Nature’s Timeline: Polychrons and Time Perception

A new factory opened up in Alaska, and several Inuits were hired on to work.

To alert everyone to the workday schedule, a whistle would ring throughout the factory.

When it was time for lunch, the whistle. Before a fifteen-minute break, whistle. When the workday was over, whistle.

By the end of the week, every single Inuit had quit. They could not abide by this angry whistle.

Their culture is not run according to a rigid schedule but rather by the tides. 

The tides are what dictate human activities, particularly harvesting mussels in the ice sheets when the tide is low.

So to the Inuits, time and human activity are determined by nature…not by man and his whistle. 

Last week, we talked about how monochrons value time as something tangible.

But for polychrons, time is valued on a whole different scale.

Polychronic Time

Consider a race track.

Several horses run on the same track at different speeds, each in their own lane.

This is similar to how polychrons view time.

Often, in a polychron’s mind, there are several simultaneous lanes on the same track: different tasks, running at the same time on their own lanes.

One lane has a work agenda, with tasks approximately scheduled.

Another has a personal agenda, with relationships being of equal import as work.

There is a push-and-pull between various mental lanes in a polychron’s timeline track.

Polychrons and Agendas

Polychrons view human relationships and quality time as more important than cost-priority issues.

If you attend a meeting in a country with a polychronic time perception, like Mexico or India, for example, you should not expect the meeting’s agenda to start on time.

Instead, what you should expect is to partake in a long period of socializing before the meeting even starts, usually over tea or coffee. 

This is to build rapport and start off on the right foot.

Before modern industrialization, this is how many European countries perceived time too.  

Running a tight ship, schedule-wise, was not so essential to the bottom line, whereas personal interaction was commonplace and just as important as the agenda.

You can still see this in the cultures of southern European countries, like Italy or Spain.

Polychrons and Deadlines/Appointments

There is no deadline obsession in polychronic cultures. 

Due to not prioritizing deadlines, other scheduled tasks are then delayed as well.

Those who expect something done in polychronic cultures take these delays easier than a monochron might. They are not put off or annoyed by the delays, because they accept this is how things go.

Though a task might go over the scheduled time in a polychronic culture, it will usually be completed…just within its own time.

Appointment times too are an approximation.

Although everyone will be seen, it likely won’t be as per schedule.

Polychron vs. Monochron

Considering these vastly different perceptions of time, you can see why polychronic and monochronic cultures might butt heads when it comes to business matters.

Next week, we’ll talk more about how to bridge the divide.

Time is Present: Why Some Cultures Take an Informal View of Time

When a culture appears to have no concept of time whatsoever, their behavioral patterns might irk those from cultures that do.

To better understand this informal view of time, let’s take a quick look at some of these polychronic cultures.

Pirahã Tribe

When you live in the Amazon, a strict monochronic concept of time is unnecessary.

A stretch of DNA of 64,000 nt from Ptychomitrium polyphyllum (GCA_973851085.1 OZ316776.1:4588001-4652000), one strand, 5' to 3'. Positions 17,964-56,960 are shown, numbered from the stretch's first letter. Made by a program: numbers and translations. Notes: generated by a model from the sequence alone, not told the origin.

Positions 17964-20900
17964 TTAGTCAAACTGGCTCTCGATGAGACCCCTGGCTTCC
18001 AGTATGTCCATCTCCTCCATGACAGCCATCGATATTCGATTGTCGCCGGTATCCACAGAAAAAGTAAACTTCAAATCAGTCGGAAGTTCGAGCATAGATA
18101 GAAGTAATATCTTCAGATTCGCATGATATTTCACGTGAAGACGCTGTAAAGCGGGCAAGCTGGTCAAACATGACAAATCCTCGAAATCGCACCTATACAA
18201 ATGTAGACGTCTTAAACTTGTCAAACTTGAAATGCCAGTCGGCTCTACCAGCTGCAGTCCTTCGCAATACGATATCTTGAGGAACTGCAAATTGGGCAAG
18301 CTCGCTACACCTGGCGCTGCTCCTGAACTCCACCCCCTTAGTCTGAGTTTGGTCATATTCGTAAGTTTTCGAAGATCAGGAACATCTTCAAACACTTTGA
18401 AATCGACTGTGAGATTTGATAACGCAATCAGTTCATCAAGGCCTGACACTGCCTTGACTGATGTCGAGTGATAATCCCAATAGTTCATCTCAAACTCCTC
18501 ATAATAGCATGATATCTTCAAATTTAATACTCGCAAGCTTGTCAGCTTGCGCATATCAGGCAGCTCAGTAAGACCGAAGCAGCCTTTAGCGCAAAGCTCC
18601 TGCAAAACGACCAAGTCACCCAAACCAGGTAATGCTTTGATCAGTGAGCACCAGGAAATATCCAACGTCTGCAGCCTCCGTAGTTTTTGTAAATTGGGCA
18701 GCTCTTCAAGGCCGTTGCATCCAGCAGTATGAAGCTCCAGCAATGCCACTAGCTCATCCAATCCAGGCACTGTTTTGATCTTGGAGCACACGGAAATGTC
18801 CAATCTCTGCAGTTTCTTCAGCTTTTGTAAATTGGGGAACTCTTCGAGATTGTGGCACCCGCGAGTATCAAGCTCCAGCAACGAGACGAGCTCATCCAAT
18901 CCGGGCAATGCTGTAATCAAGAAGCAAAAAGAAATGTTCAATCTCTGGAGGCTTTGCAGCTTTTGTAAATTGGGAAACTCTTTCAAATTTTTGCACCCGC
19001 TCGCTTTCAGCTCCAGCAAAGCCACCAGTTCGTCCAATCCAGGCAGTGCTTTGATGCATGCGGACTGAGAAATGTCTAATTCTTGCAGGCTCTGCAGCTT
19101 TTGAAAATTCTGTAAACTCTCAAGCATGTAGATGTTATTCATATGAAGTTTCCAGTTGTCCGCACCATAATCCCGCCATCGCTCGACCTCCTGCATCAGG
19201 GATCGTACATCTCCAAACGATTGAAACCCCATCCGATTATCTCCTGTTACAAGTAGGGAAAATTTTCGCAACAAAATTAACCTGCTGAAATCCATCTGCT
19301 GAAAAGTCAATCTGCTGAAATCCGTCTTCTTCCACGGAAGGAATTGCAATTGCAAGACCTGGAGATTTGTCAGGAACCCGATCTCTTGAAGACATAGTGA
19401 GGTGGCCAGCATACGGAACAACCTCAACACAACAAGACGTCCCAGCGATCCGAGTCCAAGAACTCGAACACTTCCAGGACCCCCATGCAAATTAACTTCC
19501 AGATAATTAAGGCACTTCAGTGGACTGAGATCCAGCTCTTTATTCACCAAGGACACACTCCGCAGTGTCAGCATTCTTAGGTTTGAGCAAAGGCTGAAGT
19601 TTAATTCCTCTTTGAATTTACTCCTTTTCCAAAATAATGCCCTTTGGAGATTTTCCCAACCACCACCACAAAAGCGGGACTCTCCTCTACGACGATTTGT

Enter, the Pirahã tribe.

Frozen in time in the middle of the rainforest, the Pirahã’s concept of time is also seemingly frozen.

Their language and behavioral patterns illustrate their concept of time.

There is no past tense in the Pirahã language. Time is a present concept. The future and the past don’t exist.

The tribe’s concept of time may also contribute to their lack of creation myth or religion.

Cyclical Time

Hinduism, Buddhism, and certain Native American tribes – especially the Hopi tribe of Arizona – view time not as linear but as cyclical.

The Hopi language is absent of verb tenses and, similar to other ancient philosophies, such as those mentioned above, their religious/spiritual concepts highlight a cyclical perception of time.

Buddhism even illustrates cyclical time in the famous “wheel of life,” seen below.

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The West’s Perception of Polychronic Time

When Western countries – or those of monochronic cultures – collaborate with polychronic cultures, they might perceive the polychronic perception of time as rude or inconsiderate. Missing deadlines, running late – these things are unacceptable in monochronic cultures, whereas in polychronic cultures, they’re not uncommon, and they aren’t considered rude or inconsiderate.

Why?

Because relationships are ultimately the most important thing.

Many who live in polychronic cultures try to please everyone, making appointments with numerous people at once, scheduling the impossible.

They know they are not superhuman, and they don’t expect to attend to each appointment at their scheduled time; they simply accept that they’ll arrive in their own time.

In other words, people of polychronic cultures are not ruled by a timetable.

Western cultures might find this concept of time baffling. Western time is precise and strictly divided between tasks, especially in the business world.

Since the Industrial Revolution, monochronic time systems have made workers mechanisms in a machine. If workers don’t arrive on time, then the tasks aren’t completed. If the tasks aren’t completed, then money is lost.

“Time is money.”

With such a view, time has value. So, if you’re wasting someone’s time, you’re essentially wasting their money too.

Next week, we’ll discuss how these perceptions of time impact cultural time orientation.